On Economics
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On Economics

The Price is Right?

On Shirts, Shakespeare, Da Vinci, Victor Hartmann, and Homo Economicus

I recently bought a shirt for Rs. 2,000 (~$11). Now, what does that tell you?

A few things, at least: I had Rs. 2,000 to spare. I needed the shirt. The shirt was more valuable to me than the Rs. 2,000, and anything else that I needed, and was available for Rs. 2000 or less.

It also tells you: The shirt-seller had the shirt in stock. They needed Rs. 2,000. The Rs. 2,000 was more valuable to them than the shirt.

But now for something completely stupid.

Parenthesis: Homo Economicus

Economics “is the social science that studies the production, distribution, and consumption of goods and services” [Wikipedia]. Almost all of Classical Economics is stupid because it studies, not Homo Sapiens (as all social sciences must), but Homo Economicus.

Homo Economicus is a mythical being which is rational, innately self-interested, and makes optimal decisions, given the information it has. Homo Sapiens (like you and I), on the other hand, is irrational, not always self-interested, and often makes sub-optimal decisions.

Back to the real world.

“A horse! A horse! My kingdom for a horse!”

The act of buying involves two acts: an act of buying and an act of selling.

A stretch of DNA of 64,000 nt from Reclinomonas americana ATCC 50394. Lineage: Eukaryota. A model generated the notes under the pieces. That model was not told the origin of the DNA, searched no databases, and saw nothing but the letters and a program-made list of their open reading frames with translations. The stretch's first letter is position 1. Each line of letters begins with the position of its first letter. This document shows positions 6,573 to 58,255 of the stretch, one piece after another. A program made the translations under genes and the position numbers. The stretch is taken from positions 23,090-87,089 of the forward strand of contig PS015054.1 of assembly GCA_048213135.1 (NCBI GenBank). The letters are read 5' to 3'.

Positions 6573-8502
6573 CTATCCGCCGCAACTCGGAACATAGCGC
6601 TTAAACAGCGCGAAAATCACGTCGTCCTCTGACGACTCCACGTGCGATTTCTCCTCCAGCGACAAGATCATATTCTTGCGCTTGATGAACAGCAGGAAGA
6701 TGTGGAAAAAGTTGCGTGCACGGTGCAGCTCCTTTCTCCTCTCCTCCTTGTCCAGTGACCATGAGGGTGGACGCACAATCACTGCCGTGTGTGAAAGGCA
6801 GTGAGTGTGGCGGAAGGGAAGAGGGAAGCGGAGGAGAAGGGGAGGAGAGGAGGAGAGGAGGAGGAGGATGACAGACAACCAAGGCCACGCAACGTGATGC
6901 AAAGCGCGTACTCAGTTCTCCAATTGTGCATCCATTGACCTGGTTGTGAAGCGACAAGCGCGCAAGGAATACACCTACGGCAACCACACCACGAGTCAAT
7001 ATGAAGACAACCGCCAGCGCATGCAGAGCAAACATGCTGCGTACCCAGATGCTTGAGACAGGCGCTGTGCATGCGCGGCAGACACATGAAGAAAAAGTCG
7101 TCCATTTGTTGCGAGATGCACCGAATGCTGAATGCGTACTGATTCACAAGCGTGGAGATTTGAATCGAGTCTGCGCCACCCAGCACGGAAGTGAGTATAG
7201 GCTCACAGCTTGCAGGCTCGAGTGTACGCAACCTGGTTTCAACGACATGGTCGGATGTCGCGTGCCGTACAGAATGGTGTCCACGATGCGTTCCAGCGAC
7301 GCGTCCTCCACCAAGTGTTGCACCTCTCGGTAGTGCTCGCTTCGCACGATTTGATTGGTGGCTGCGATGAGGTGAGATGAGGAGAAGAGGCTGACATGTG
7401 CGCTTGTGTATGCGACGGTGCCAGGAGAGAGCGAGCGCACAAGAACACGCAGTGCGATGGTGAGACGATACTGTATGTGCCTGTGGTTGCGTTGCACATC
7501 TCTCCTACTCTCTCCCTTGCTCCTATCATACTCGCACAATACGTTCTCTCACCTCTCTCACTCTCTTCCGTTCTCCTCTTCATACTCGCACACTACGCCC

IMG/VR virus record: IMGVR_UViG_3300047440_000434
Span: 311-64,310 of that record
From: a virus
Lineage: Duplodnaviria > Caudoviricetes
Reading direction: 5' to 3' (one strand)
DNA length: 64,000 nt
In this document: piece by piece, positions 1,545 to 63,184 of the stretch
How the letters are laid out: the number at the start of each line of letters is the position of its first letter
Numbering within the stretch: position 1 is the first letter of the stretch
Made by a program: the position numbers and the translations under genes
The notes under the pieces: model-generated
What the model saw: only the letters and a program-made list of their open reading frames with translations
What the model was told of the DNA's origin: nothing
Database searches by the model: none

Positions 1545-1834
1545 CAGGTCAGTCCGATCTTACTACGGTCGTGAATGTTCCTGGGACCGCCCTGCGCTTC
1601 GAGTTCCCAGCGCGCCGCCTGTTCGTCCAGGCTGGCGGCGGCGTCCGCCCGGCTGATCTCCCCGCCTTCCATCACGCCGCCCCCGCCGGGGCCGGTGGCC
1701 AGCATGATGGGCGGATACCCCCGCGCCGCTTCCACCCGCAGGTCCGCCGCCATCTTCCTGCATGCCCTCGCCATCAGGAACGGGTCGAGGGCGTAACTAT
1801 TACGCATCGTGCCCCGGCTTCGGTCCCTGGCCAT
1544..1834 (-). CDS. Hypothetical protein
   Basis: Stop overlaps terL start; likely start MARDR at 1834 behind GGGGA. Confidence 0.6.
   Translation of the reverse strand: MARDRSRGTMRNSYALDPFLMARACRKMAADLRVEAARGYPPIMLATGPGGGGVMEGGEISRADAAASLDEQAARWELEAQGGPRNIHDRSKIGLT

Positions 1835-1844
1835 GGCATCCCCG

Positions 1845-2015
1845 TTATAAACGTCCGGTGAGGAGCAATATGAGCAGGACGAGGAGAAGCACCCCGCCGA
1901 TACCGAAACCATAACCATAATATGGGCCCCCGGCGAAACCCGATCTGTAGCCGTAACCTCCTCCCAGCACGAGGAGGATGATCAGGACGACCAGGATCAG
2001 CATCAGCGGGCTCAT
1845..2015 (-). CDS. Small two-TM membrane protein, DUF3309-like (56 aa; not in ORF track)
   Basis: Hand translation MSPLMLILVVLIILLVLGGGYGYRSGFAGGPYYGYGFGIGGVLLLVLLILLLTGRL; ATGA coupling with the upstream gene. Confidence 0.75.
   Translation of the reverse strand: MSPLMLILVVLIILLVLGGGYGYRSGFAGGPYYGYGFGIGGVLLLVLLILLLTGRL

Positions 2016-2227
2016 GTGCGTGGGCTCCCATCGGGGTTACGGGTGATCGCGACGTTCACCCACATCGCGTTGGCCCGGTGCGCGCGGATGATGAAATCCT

“Obviously!”, you might say. “You are buying a shirt, and the shirt-seller is selling it”.

Yes and No. I am, indeed, buying the shirt. But I am also selling Rs. 2,000. The difference of this exchange is profit. A rational being would not exchange anything without a positive profit. In our example, I exchanged Rs. 2,000 for a shirt because the shirt was more valuable to me, relative to the money. Conversely, the Rs. 2,000 was more valuable, relative to the shirt, to the shirt seller.

Hence, profit depends on value, and what “more valuable” means.

But what does “more valuable” mean?

“Everything connects to everything else”

In theory, one could take a microscopic view, and assign absolute value to everything — where everything has an absolute value, independent of everything else.

However, in practice, no one knowns how valuable anything is. The reason I bought the shirt was because it was relatively more valuable (to me) than the Rs. 2,000. And if I considered a pair of trousers, or a few days worth of groceries, or a book more valuable, I would not have bought the shirt. Hence, the value of the shirt was relative; not just to the Rs. 2,000, but countless other things that I might have needed.

The concept of need is also complex. Like value, it involves multiple factors and entities. It might also involve price. For example, the price of something might influence our need for it. Paradoxically, often the more expensive a good is, the more we feel we need them (either from wanting to spend on luxury, to believing a more expensive good is a better good).

Hence, when you consider the broader picture (the shirt-seller, other people that sell things to me, and the vast supply chains surrounding them), the value of my shirt is connected to the value of an almost infinity of things.

The value of anything in the the mind of anyone, is connected to the value of everything in the minds of everyone.